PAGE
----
The best memoirs of recent years reveal “The Way We Live Now” as well as or better than most contemporary fiction. Through telling their personal stories, authors like Mary Karr (The Liars’ Club) and Tobias Wolff (In Pharaoh’s Army) conveyed a deep sense of the times they lived through, the problems and challenges of their situation, using the techniques of fiction–good dialogue, observation of details, dramatic descriptions of crucial scenes. The author’s trials, failures and triumphs provide the plot.
Ted Solotaroff joined the ranks of such artful autobiographers with Truth Comes in Blows, a memoir of childhood and family that won an American PEN award in 1998. Now he has added another volume, First Loves, which picks up where the last one left off, with the author home from naval service in World War II and about to start college on the GI Bill.
First Loves takes place from 1948, when Solotaroff met his first wife, until the breakup of their marriage in 1962. The “loves” of the title refer not only to his courtship, marriage, fatherhood of two sons and eventual divorce but also the love of literature that became his lifework as a teacher, editor, literary journalist and critic. Through writing his intimate experience of each of these loves, Solotaroff conveys a great deal about both marriage and literature during that era.
When one of the partners of a broken marriage writes about it in a memoir, the results are likely to be embarrassing for all concerned–especially for the author giving his or her side of the story. Philip Roth pilloried his deceased first wife (“a hard-up loser”) in his autobiography The Facts, and was in turn castigated by his second wife, Claire Bloom, in her memoir Leaving a Doll’s House. With ironic justice, the two books are offered as a package purchase on Amazon: “Buy Together Today: $27.59.” Read ’em and weep; each creates unintended sympathy for the mate who was poison-penned.
Solotaroff avoids this pitfall by portraying his thirteen-year first marriage with compassion for both the young wife and husband. The portrait is intimate but never demeaning, and the struggles of the couple reflect the marital issues of this transitional era before The Joy of Sex, when the challenges of two-career families were still uncommon. (Ted’s wife, Lynn, won grants to study Russian and eventually became a translator and editor.)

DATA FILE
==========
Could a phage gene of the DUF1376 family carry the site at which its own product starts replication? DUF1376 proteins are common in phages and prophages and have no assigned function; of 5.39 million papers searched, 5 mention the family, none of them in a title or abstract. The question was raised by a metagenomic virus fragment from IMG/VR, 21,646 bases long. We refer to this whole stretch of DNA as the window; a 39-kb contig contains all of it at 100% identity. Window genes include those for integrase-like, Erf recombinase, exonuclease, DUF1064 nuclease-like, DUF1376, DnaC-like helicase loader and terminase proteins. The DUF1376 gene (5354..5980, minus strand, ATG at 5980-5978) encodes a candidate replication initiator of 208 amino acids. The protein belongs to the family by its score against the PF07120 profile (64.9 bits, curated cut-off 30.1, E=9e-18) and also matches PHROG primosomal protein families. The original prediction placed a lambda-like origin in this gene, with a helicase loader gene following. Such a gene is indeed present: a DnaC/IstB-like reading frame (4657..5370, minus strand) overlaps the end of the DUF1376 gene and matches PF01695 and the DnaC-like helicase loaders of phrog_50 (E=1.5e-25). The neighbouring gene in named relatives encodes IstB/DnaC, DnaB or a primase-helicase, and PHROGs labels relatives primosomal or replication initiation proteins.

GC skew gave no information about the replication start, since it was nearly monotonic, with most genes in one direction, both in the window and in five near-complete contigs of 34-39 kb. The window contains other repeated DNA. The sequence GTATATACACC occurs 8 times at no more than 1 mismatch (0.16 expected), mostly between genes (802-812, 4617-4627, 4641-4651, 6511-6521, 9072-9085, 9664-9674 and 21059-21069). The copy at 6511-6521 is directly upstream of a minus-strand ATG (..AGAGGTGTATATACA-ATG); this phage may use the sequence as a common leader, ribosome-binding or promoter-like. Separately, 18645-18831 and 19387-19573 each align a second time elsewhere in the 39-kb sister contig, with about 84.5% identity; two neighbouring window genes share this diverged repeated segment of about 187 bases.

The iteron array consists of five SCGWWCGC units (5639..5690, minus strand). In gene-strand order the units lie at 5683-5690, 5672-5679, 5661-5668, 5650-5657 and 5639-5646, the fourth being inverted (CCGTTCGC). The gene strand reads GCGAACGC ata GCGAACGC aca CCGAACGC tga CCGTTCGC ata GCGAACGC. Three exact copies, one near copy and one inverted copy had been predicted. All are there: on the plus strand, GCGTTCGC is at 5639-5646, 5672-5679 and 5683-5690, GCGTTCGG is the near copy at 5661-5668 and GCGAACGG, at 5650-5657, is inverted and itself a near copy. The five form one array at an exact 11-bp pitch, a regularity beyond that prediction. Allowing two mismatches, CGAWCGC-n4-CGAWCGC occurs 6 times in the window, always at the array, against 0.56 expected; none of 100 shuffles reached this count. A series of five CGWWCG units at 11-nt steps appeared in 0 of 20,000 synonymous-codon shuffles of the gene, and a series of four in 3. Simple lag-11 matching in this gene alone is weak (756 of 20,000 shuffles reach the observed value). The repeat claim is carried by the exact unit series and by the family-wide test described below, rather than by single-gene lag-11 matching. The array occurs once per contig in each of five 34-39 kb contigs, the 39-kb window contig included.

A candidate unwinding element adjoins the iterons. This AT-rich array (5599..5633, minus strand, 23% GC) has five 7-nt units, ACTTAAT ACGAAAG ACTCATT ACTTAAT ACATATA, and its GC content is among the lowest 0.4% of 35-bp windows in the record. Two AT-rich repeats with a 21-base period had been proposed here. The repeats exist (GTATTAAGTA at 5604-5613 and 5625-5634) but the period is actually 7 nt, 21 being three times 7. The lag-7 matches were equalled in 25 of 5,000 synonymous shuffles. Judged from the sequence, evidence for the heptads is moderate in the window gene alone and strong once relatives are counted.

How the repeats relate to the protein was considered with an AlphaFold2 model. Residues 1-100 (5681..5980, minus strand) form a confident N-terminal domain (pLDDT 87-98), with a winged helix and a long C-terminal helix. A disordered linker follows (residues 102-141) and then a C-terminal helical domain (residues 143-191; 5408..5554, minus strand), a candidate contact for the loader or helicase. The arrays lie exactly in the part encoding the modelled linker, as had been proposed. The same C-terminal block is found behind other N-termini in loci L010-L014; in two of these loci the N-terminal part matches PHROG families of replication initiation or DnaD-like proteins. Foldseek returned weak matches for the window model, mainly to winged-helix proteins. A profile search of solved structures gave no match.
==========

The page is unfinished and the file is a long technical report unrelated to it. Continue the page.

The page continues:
Freud, he writes, “was so much in the air that you seemed to know about him just from breathing,” and the marriage ended when both Ted and Lynn went into therapy to deal with their problems. Both their psychiatrists prescribed an extramarital affair “to make up for the experience we had deprived ourselves of by marrying so young. ‘A little outside sex can go a long way toward satisfying your curiosity and scaling back your illusions,’ was the way [Dr.] Wykstrom put it. [Dr.] McGregor thought that an office affair was one of the better ways to arrange such matters.” After the divorce, Lynn had “a brief, disastrous affair with McGregor and for years contemplated suing him.”
So much for Freudian marriage counseling.
At the University of Michigan, Ted wanted “to be a fiction writer, not a scholar,” but his stories were rejected while his literary essays won prizes and scholarships, and a contest judge saw in his work “a critic in the making.” But Ted was determined to pursue the fiction-writing dream, so instead of accepting a scholarship for graduate school at the University of Chicago, “I persuaded Lynn to go off to New York with me to lead a life that I already had diverse evidence I was not cut out for.” Lynn waitressed and Ted did temp typing and waitered to support his fiction habit, while they lived in a classic bohemian pad: a sixth-floor-walkup cold-water flat on Macdougal Street.